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 Overview

 A Framework for Electronic Communication and Collaboration

 Examples

 Finding Collaborative Online Projects

 Online Project Sampler

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Framework

In this section of the Internet Primer, we are going to look at using the Internet in the classroom for collaborative purposes and suggest criteria to help you answer such questions as what makes for a good online project, and why you should -- or should not - - join a particular online project. We will:
  • Explore existing online collaborative projects that fall into three basic categories -- Person to Person, Person to Group/Group to Person, and Group to Group.
  • Explain step-by-step how you can find and implement online projects for yourself.
  • Look briefly at a selection of some of the numerous online projects that exist on the Web.
Before we delve into specific projects, let's look at the three categories of collaborative projects -- Person to Person, Person to Group/Group to Person, and Group to Group. In practice, the scenarios in which you, your students, and the projects will operate are not always so neatly categorized. Much will depend on your technological setup. How many computers you have in a classroom, how many of them have Internet access, how many email accounts you have, and who has permission to send and access email are all issues that will inform projects involving electronic communication.

Person to Person:

Communication in this scenario will take place via email, with a pen-pal, or key-pal. This kind of one-to-one interaction is relatively easy to set up, provided your classroom situation allows individual students to have email accounts. One-to-one interactions may be more difficult to monitor and manage than activities where a group or class is collaborating: person-to-person communications are clearly more likely than group efforts to be personal, and it may be difficult to ensure that specific educational goals are being covered. However, using the immediacy of a computer and email to facilitate an updated version of traditional pen-and-paper correspondence is a great demonstration of the reach and power of this medium.

See an Example

Person to Group/Group to Person:

In Person to Group communications, a student or teacher addresses more than one person on the other end of the modem line. Group to Person interactions are the converse of this. Communication in both situations could be via email, video conferencing, or newsgroups, or even via published Web pages. Examples of this type of interaction are Ask-the-Expert sites and sites that provide online mentoring. In these situations, much of the work -- and a lot of the collaboration -- takes place offline, as an entire class or group works together as the single "Person" in the Person to Group equation, for example formulating one question or piece of writing that can be sent from a teacher's email account, or published on the school's Web site. Students must work together to deduce what is most important to say or ask, create a message, check for spelling and grammatical correctness, and so on.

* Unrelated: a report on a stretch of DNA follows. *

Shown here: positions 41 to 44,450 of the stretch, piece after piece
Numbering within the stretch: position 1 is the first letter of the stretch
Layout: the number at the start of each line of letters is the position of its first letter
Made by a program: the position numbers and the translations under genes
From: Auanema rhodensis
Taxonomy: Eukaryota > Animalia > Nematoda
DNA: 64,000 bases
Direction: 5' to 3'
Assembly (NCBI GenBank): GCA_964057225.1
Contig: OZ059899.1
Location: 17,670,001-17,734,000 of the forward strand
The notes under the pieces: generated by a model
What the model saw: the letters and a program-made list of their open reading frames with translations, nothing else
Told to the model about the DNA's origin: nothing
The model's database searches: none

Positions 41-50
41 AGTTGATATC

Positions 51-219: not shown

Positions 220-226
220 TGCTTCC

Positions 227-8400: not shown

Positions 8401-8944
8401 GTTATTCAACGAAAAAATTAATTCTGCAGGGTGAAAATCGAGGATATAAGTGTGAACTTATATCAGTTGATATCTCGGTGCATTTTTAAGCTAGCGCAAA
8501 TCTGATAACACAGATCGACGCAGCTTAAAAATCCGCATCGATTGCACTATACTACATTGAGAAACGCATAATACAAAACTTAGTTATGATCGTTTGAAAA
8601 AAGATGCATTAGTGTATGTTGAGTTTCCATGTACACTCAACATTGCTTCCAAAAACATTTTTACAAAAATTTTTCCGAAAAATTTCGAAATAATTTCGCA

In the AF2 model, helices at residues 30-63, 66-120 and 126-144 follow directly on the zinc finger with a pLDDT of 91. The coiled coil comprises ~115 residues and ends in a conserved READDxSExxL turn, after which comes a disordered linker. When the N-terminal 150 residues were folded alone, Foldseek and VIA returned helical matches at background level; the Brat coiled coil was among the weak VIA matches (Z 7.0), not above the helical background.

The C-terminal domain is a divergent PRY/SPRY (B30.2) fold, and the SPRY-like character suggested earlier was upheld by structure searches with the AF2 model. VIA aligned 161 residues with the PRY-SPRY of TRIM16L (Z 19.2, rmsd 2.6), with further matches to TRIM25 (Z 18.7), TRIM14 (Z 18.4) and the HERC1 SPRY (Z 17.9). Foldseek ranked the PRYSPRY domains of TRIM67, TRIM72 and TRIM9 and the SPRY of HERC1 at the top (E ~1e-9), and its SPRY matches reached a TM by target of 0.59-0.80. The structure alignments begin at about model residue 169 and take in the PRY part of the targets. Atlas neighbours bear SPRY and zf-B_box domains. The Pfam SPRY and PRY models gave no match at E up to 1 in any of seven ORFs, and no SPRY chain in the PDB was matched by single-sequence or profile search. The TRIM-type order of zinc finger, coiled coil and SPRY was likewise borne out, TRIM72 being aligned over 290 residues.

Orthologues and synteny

See an Example


Group to Group:

Probably the most practical and easiest to manage of the scenarios, this arrangement works well with an entire class or group of students communicating with another class or group. Two or three students in one class could work with two or three students in another class on group projects such as precipitation amounts, temperatures, inclination of the sun at certain times of the day, appearance of the moon, and so on. Again, such communications are facilitated by email, videoconferencing, newsgroups, and published Web pages. In this scenario, students may also contribute to existing collections of information -- for example, contributing information they have researched to an existing site's database.

See an Example



Internet Primer
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